ReplyDelete
    Replies
    1. And, any of you could be us - I was Stage II once too. So you should want money to go towards a cure as much as we do!

      Thank you!

      Delete
  21. This was really disturbing to read about. I haven't even watched the video and I'm not going to bother putting myself through that. There's nothing I would like more than to slap these boys across the face.

    However, while I'm horrified at such an immature treatment of the disease, I would want to draw a line between these boys and corporations that use a pink ribbon to sell a product. Both clearly don't care about the disease and the women suffering from it, but I don't object to the corporations because I'm willing to accept their ends justifying the means. The goal of sexually harassing women is inherently disgusting, selling your product is not. If a company wants to do something it was going to do anyways, I figure breast cancer research may as well get something out of it. Using a disease to promote sales is definitely immoral, but I wouldn't want it to stop because of the millions that are raised for research this way.

    Overall, a totally necessary post and one I thank you for being brave enough to write.

    ReplyDelete
    Replies
    1. I suggest you keep reading my blog and researching this subject, because in this case, the only end is that corporations have more money. The money does not end up going to help cancer patients.

      Delete
  22. Well, Cancer Charity didn't refuse the millions Lance Armstrong brought in via illegal drug doping. They knew he was using...but it was millions. The $7000 she raised was nothing to them...and not worth the debacle trying to defend themselves. I have issues with Cancer research...where they get their money isn't always on the up and up...and where does it go?

    ReplyDelete
    Replies
    1. Any charity worth donating to should post what they do with the money they raise on their website, and how much. You might check charitynavigator.org to see if a particular charity is listed, and whether they file a form 990 with the IRS (detailing their financials). I was surprised to see how many charities have very low "program expenses" (spending on research, grants, awareness, etc) compared with executive compensation or fundraising expenses (if all of the money you raise goes to fund fundraisers, you're doing something wrong).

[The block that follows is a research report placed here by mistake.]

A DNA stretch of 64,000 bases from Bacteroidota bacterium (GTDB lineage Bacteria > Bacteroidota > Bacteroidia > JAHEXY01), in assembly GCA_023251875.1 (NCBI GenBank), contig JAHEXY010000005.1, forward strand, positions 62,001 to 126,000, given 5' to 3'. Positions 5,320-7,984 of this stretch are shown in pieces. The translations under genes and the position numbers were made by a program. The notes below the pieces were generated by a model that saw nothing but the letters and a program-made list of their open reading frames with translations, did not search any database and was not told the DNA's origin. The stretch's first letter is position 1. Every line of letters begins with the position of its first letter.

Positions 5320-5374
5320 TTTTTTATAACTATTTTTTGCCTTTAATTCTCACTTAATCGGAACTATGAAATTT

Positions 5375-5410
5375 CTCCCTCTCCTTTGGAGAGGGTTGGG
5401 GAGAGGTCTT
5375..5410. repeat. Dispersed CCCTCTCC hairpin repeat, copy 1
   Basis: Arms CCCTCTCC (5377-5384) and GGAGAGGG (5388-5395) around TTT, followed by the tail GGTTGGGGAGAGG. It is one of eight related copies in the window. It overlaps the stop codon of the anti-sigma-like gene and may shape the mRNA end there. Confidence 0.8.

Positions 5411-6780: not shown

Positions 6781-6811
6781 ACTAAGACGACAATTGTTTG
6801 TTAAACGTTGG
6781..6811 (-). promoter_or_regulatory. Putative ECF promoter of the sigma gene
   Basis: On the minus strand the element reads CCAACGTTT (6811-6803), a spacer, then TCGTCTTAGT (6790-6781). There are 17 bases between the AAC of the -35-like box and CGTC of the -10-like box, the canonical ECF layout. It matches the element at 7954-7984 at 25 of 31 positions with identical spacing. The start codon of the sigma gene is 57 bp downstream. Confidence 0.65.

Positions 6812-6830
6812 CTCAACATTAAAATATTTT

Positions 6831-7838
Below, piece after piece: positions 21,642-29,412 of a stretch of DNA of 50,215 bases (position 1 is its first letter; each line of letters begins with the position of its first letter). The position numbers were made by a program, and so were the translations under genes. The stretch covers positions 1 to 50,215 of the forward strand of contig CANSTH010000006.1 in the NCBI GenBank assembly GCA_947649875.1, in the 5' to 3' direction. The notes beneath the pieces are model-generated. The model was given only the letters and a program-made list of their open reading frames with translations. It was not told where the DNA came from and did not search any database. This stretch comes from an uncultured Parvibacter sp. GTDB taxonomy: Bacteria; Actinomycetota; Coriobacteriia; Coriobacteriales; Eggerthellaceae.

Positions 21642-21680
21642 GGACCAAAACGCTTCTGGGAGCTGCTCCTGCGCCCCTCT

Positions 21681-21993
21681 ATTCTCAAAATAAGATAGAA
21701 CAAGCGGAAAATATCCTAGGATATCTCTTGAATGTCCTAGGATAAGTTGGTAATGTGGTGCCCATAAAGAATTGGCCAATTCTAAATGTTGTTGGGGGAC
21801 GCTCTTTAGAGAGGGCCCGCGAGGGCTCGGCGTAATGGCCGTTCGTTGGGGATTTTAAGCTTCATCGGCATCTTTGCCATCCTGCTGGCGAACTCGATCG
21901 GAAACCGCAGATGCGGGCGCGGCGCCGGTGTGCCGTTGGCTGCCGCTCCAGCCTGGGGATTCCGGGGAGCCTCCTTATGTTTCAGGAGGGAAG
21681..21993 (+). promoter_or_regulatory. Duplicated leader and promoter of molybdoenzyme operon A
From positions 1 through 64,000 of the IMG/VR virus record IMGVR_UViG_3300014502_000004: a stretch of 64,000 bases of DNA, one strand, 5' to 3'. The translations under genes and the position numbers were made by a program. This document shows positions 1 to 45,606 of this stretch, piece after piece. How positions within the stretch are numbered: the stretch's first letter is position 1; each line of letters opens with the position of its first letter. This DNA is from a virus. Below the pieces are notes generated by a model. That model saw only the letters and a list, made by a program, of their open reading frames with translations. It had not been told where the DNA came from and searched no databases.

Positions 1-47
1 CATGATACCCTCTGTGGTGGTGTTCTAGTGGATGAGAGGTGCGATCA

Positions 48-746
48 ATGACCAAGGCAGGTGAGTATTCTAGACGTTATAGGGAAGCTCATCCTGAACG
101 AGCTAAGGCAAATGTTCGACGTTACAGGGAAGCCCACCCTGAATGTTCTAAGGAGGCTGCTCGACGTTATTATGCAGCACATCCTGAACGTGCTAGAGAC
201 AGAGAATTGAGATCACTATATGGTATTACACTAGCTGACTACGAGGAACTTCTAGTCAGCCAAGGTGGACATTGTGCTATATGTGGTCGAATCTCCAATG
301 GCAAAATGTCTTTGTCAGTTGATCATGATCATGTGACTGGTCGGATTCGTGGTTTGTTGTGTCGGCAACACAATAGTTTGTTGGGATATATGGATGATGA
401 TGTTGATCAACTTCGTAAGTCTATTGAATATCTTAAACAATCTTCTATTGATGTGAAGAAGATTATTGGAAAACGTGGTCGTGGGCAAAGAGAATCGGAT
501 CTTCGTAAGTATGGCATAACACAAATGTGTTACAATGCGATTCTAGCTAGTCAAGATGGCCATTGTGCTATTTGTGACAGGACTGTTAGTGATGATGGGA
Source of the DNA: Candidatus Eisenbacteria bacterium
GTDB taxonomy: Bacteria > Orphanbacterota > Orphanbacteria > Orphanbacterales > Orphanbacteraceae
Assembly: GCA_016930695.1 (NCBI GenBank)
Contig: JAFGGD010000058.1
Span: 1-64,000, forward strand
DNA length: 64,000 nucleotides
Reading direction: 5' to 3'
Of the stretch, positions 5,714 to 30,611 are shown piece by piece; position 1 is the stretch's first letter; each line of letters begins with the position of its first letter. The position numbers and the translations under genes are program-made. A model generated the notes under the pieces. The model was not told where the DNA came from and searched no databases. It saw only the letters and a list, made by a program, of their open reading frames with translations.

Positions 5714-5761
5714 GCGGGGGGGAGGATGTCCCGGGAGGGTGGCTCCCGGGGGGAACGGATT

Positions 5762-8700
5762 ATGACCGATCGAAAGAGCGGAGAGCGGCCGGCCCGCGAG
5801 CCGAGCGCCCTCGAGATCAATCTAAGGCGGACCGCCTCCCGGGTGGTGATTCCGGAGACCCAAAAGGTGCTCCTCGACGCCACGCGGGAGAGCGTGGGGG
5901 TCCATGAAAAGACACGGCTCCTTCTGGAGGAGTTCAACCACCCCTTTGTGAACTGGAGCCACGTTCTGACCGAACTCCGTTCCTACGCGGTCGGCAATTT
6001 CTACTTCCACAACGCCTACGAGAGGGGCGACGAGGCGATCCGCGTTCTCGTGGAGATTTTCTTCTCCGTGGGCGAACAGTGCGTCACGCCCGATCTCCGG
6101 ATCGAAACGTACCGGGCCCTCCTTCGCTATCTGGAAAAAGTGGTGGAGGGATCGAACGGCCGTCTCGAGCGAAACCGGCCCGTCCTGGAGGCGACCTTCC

Delete
    2. Sometimes it is worthwhile to check out local charities as well, where money goes directly to patient needs in your community. I have a friend involved as a volunteer with a local-based charity that helps single and low income parents with cancer with daily living needs - gas cards, negotiating reductions with landlords and utilities, working as a partner with another local charity that prepares meals for low income by delivering them directly to these cancer families, keeping a pantry of non-foodstamp necessities like toilet paper and laundry soaps, just daily living stuff. Those kinds of things you can check out directly because they are based in your community.
      I know am OK with money going to things other than research, as long as it goes to directly help patients.

      Delete
  23. Great response to this disgraceful stunt, Ann. I could not bring myself to watch the video. I am going to assume that lots of young women said "No" to these hateful idiots and got edited out of the final video.

    ReplyDelete
  24. Found your post online. As a man I would like to thank you for opening my eyes more. There is no doubt those kids are in it for themselves but thank you for helping to put the month of October into better perspective for me.

    ReplyDelete

Thank you for commenting. If the post is over 14 days old, the comment will be moderated and will approved later. This is a spam prevention technique - but I love to hear from you!